A state lawmaker’s plan to turn a pair of abandoned, state owned buildings into housing for homeless veterans has hit a snag.
The two buildings are located on located on Arsenal Heights Drive, behind the old Augusta Mental Health Institute facility in Augusta and have been sitting vacant for the past few years. The buildings are currently scheduled for demolition, which would cost taxpayers around $100,000. But Augusta Republican Corey Wilson, a United States Marine Corps veteran, has a plan to put them to good use.
“The idea essentially is utilizing these properties to house homeless veterans and transitioning veterans,” Wilson said Thursday. “What I did was I reached out to Bread of life Ministries and approached Dean Lachance and asked him if he would be interested in these properties.”
Currently there’s only one shelter in Maine designated for homeless veterans. It’s also run by Bread of Life Ministries and it filled up the day it opened. Wilson, Lachance and an engineer recently did a walk-through of the two Augusta buildings and found that one of them is move-in ready and has room to house eight veterans comfortably. The other building needs about $20,000 worth of work and can house six veterans. The plan also includes another pair of buildings located in the same spot but those will require more work before they’re ready.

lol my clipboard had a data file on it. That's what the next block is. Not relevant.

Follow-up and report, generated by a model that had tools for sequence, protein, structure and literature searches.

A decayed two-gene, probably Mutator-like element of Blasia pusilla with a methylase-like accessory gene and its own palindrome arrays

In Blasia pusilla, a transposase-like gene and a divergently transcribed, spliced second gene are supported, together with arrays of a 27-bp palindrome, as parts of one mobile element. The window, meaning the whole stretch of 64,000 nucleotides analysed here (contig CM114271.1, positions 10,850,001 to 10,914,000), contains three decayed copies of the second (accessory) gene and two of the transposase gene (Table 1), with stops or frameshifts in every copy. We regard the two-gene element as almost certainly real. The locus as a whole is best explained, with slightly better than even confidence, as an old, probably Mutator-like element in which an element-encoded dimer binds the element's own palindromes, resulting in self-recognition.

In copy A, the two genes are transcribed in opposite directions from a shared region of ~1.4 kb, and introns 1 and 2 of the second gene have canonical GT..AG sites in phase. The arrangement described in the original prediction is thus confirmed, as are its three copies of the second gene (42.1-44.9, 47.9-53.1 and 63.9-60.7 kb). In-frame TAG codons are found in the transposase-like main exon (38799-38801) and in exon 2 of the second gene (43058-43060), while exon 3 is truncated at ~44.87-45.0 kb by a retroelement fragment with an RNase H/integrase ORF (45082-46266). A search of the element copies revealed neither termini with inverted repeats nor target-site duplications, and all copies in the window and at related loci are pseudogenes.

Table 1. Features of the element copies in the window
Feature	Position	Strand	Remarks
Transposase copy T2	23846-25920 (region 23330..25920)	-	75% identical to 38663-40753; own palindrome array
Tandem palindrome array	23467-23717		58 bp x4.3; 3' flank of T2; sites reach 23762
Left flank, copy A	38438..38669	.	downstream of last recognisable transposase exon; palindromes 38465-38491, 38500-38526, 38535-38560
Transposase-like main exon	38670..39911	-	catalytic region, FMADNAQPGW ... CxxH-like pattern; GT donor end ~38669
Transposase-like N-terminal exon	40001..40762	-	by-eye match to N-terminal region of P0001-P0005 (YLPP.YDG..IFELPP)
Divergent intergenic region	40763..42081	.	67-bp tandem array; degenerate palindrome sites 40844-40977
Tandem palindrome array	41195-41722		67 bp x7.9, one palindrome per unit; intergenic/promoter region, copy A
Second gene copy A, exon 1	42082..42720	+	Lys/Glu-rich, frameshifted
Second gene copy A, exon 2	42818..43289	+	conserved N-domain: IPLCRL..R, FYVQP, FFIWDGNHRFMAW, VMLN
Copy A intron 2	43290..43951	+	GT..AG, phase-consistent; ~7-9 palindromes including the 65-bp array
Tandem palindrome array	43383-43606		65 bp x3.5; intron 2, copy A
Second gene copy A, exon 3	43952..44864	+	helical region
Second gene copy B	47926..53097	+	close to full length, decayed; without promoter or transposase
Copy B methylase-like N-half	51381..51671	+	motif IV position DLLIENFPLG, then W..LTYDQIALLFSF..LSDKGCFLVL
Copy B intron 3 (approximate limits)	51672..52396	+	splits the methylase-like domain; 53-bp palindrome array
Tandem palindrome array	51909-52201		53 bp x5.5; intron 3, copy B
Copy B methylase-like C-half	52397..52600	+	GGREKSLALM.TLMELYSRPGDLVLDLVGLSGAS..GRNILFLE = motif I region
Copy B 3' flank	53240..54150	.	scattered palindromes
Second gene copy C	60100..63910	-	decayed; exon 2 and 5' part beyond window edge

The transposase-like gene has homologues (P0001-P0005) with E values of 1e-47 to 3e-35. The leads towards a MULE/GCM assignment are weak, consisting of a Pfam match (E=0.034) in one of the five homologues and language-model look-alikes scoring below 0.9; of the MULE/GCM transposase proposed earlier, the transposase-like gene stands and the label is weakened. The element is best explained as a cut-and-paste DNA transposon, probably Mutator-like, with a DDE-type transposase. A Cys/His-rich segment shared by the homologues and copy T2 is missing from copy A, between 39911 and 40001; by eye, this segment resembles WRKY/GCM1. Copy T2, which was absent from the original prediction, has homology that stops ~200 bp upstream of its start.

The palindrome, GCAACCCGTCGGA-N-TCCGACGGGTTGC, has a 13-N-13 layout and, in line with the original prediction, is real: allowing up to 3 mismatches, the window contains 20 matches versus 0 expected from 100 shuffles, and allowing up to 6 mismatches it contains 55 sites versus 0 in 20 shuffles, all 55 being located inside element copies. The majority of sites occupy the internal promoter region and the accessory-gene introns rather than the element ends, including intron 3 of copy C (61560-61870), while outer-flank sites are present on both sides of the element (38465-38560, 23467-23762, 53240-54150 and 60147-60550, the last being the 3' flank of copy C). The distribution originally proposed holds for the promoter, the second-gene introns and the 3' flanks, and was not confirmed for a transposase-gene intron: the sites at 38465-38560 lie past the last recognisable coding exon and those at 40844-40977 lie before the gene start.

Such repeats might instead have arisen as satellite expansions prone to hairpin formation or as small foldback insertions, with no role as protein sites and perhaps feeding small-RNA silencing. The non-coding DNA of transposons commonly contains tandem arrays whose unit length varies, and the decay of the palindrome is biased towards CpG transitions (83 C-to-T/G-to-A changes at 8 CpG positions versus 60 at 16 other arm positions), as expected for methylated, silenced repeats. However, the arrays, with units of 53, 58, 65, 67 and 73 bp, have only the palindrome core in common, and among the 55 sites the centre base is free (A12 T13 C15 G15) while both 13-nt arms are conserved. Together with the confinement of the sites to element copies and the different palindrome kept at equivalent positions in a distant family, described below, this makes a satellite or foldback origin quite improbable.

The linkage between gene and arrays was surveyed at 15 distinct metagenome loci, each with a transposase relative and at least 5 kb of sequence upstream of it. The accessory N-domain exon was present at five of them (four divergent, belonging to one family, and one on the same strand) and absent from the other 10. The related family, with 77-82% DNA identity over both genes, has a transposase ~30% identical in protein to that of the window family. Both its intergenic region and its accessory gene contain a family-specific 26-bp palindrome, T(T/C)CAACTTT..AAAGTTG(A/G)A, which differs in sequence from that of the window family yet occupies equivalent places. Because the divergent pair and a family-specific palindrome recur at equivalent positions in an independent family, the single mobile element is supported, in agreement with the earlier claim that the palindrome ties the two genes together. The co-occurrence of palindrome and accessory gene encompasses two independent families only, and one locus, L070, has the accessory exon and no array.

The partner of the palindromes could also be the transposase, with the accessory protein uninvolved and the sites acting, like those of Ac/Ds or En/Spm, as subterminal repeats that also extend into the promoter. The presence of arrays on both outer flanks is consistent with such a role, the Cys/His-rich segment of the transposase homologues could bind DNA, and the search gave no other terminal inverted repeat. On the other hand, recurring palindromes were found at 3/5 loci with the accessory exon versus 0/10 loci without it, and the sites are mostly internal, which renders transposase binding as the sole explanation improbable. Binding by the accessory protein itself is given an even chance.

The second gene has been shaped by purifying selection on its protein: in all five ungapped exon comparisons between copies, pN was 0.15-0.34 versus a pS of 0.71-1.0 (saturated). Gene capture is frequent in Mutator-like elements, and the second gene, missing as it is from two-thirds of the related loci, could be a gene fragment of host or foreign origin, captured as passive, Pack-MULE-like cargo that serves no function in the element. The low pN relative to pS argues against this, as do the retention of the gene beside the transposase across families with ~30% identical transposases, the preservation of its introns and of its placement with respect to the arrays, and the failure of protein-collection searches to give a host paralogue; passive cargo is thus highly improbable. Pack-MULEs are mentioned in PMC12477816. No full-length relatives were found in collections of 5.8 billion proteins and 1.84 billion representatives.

Wilson submitted a bill to make the shelters a reality. His measure would allow the state to sell the buildings for the exclusive use of homeless veterans. But the bill is now stalled after it was rejected by the Democratically controlled Legislative Council. It’s a move that infuriated Wilson.
“It’s unfortunate that myself being a Republican, I feel that the bill was ultimately killed on the grounds that I’m a Republican,” Wilson said.
Last week, Senate President Justin Alfond said January’s legislative session is reserved for emergency and time sensitive legislation only. Alfond said the council looked at more than 400 bills and they tried to whittle that down to 100 for the upcoming session. Wilson was told his bill didn’t measure up, but he’s not alone. The council accepted less than 20% of Republican sponsored bills for the upcoming session.
“There were many good bills that were not allowed to move forward in the first round but fortunately there is an appeal process,” said Senate Majority Leader Troy Jackson, a Democrat from the Allagash. “Legislators will have the opportunity to argue the merits and urgency of their bills later this month.”
Wilson has already filed an appeal that will be heard on November 21. If his appeal is successful, and the bill eventually passes, veterans can be moved in by next fall. If it’s denied, the buildings could still be demolished.
“This is something that’s really important. We really need to help these veterans,” Wilson said. “We really should be looking out for the taxpayer and this is a great opportunity. We should be putting party politics aside and we should be doing what’s right.”